Some people, for example, may fantasize about someone of one gender but never want to act on it, so they don’t identify with those fantasies. Others may consider the fantasy alone reason enough to identify as queer.
And while some proudly assume a queer identity, many literally don’t feel safe identifying this way, and that’s okay.
“Bisexual” means many different things to different people, and no scientist gets to hijack its definition.
Nobody has the right to tell anyone what their sexual orientation is, no matter how many measurements they’ve taken.
And trying to make that call for someone takes away one of the most important powers we have: the power to define ourselves.
2. Calling Straight People Bisexual Invalidates Actual Bisexual People
There’s a huge difference between openly identifying as bisexual and identifying as straight while occasionally having same-gender attraction (or not even having attraction but exhibiting physical signs of arousal in response to same-gender images).
Bisexuality is a real identity, not just a word to throw around to discuss study results.
3. Using Only the Word Bisexual Erases Other Non-Monosexual Orientations
When researchers use the word bisexual to mean “attracted to more than one gender,” they usually fail to acknowledge that there are more than two genders out there – and that there’s more than one way to name your attraction to multiple genders.
People who are interested in people of more than one gender may identify as pansexual, for example, if they label their sexuality at all.
Many bisexuals use an inclusive definition of bisexual to include non-binary people, instead of the dictionary’s definition of “bisexual” as “sexually attracted to both men and women.”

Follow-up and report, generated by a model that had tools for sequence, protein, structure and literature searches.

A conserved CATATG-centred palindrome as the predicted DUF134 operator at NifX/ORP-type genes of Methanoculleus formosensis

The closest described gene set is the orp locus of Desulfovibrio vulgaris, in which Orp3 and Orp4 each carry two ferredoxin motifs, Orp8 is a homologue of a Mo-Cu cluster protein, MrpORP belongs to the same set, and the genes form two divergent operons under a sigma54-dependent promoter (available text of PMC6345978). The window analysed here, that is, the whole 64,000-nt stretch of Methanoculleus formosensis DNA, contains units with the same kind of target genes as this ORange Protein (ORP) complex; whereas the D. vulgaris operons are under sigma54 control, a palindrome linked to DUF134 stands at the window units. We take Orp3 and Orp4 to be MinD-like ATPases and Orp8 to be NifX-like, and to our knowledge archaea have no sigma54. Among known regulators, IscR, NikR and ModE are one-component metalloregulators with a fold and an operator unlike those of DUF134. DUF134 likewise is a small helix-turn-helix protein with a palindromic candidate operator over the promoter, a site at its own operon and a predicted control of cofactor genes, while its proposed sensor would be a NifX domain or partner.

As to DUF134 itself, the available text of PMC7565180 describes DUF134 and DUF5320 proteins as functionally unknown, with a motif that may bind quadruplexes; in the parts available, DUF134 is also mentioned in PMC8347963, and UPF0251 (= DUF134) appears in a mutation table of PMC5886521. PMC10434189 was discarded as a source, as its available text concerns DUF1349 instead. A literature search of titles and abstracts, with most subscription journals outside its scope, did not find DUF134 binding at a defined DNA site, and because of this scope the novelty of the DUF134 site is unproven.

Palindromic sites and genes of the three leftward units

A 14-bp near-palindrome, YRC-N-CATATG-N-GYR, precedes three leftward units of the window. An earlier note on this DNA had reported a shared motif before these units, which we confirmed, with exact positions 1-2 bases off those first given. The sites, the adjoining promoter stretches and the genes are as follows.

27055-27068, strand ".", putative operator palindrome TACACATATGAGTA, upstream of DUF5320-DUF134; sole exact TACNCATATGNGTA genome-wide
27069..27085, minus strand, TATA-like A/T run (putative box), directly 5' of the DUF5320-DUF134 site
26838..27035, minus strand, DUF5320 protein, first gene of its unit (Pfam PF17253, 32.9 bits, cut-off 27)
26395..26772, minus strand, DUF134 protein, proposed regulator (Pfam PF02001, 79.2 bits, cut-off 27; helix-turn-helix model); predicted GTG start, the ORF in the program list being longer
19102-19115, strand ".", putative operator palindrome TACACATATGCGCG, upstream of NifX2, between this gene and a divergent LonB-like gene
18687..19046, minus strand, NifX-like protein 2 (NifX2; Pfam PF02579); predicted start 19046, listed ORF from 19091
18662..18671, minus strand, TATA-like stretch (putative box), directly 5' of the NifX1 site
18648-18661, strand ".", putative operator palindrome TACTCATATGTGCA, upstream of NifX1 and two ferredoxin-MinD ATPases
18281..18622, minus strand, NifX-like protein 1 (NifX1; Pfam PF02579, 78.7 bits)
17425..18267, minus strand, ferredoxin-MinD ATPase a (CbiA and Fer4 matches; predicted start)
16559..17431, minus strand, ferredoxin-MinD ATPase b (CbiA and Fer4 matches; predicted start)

But those who posit that all women are bisexual rarely consider other a/genders – hence their neglect of other non-monosexual orientations.
Using bisexual for studies that are limited to cis men and women erases the work of bisexual activists advocating for visibility for trans and non-binary people in their community.
And using it as shorthand for every polysexual identity erases the important reasons why some people identify with other terms.
4. It Furthers Negative Ideas About Women
The explanations given for why more women than men are bisexual often sound suspiciously like gender stereotypes.
For example, the idea Chivers brought up that women are sexually more “receptive” and less “go-out-there-and-get-it” coincides with a broader view of women as passive.
Another idea I’ve heard many people cite for women’s supposedly more frequent bisexuality is that women are beautiful.
I recently interviewed three experts about why straight women sometimes fantasize about other women, and two of them said it’s because women’s bodies are aesthetically pleasing. As if that’s some objective fact.
Sexualized images of women are all around us, encouraging our view of women as “the fair sex.” But since this cultural view stems from the objectification of women, dismissing it as natural contributes to such objectification.
The notion that women can’t help but be sexually attracted to women since women are “so sexy” also stems from and encourages the exoticization of women.
“Us girls, we are so magical, soft skin, red lips, so kissable, hard to resist, so touchable,” Katy Perry sings in “I Kissed a Girl.” This line depicts a very stereotypical, objectified version of womanhood that treats women more like fairies or unicorns than actual people.
Women are mysterious, we’re taught. Women are exotic. Women are so nice to look at.